The size of the capital's output is forecast to break through the pounds 200bn barrier in 2002, by which time it will be growing at 4 per cent against 2.45 per cent for the whole of the UK.
But the report, from the Centre for Economics and Business Research, warned there was a huge gulf between the different economic sectors.
CEBR has revised its growth forecasts for London this year to 2.8 per cent from 2.2 per cent, and for 2000 to 3.7 per cent from 2.4 per cent. GDP is then forecast to rise to 4.1 per cent in 2001 before slowing to 3.25 per cent in 2002.
It said its revision was based on the recent surge in house prices. CEBR forecast that house prices would rise 16 per cent this year, 10 per cent next year before slowing to 8 per cent in 2001 and 5.4 per cent in 2002.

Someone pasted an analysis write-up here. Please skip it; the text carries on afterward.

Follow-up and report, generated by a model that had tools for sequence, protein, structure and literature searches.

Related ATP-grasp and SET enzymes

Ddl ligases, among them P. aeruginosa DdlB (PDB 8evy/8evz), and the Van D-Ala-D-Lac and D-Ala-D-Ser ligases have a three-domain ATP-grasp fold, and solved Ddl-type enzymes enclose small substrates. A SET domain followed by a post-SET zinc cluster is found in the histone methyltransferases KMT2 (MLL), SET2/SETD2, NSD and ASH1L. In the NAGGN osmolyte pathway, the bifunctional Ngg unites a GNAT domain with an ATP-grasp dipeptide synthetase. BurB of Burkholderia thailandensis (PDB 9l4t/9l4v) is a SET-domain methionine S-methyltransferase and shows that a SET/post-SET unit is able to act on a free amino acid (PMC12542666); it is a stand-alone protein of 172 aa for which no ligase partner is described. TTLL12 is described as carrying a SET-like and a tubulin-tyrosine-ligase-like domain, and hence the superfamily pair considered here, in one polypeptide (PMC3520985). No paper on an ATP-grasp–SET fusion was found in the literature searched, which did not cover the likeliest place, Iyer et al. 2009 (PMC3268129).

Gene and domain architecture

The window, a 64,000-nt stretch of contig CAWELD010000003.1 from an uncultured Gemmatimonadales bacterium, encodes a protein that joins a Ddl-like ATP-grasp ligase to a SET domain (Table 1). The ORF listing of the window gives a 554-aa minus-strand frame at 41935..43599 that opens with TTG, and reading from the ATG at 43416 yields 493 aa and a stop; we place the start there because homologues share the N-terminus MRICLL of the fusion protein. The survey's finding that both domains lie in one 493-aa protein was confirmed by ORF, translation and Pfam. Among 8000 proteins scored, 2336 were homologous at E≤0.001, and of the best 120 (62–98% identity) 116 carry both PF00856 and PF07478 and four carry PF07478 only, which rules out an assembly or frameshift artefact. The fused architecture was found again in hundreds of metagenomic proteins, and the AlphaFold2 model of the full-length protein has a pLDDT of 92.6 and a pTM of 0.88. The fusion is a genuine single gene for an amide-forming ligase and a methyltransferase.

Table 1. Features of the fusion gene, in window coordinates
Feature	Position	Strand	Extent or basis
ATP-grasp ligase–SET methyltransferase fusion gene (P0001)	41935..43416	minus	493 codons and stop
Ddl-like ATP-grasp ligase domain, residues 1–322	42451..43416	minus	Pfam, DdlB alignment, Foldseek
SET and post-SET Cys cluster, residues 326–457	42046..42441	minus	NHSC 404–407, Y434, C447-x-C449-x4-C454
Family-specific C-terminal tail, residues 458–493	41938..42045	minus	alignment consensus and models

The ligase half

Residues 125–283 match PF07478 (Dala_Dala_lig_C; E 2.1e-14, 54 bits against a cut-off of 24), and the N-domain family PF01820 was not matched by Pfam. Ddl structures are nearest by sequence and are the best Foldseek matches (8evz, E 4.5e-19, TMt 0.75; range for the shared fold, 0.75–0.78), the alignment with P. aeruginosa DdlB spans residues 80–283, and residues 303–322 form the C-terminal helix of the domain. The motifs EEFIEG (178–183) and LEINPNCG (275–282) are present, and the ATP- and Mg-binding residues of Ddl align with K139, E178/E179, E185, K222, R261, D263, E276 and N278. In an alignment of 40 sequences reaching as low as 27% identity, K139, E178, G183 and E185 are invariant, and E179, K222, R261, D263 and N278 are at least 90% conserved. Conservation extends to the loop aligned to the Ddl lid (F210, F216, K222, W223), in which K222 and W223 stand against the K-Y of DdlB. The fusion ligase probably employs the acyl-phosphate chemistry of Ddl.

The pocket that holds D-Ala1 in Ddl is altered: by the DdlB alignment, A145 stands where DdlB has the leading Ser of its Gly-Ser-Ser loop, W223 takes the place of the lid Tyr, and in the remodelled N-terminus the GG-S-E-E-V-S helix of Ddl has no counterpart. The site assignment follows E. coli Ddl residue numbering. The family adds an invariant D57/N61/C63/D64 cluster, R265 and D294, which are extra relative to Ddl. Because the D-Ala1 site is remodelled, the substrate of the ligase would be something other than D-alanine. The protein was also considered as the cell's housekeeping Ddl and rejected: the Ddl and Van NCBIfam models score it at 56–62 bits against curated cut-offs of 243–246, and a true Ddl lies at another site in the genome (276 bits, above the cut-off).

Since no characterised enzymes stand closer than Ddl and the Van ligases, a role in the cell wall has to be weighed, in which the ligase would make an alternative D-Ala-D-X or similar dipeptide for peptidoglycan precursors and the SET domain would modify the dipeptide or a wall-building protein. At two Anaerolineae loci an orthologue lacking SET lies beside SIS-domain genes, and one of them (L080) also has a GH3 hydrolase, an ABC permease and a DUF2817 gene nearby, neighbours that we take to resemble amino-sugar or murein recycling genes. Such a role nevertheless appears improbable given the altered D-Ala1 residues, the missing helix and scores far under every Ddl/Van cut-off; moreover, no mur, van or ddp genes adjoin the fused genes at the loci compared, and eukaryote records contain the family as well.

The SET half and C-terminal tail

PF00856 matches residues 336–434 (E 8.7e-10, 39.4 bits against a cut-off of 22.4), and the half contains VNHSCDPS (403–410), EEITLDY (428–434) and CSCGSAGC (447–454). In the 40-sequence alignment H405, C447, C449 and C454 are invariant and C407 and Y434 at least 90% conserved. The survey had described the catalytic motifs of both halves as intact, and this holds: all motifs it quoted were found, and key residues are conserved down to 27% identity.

CEBR economist Paul Bryant said: "Housebuilding in London is likely to rise 41 per cent by 2003 to meet rising demand." CEBR said this would feed through to 10 per cent GDP growth in the construction sector this year compared with a 0.7 per cent fall in manufacturing and growth of 2.7 per cent in the services sector.
The report highlights the dilemma faced by the Monetary Policy Committee over interest rates, in controlling a boom in the southern services sector and in house prices, while taking account of difficulties caused to northern manufacturers by the strong pound.
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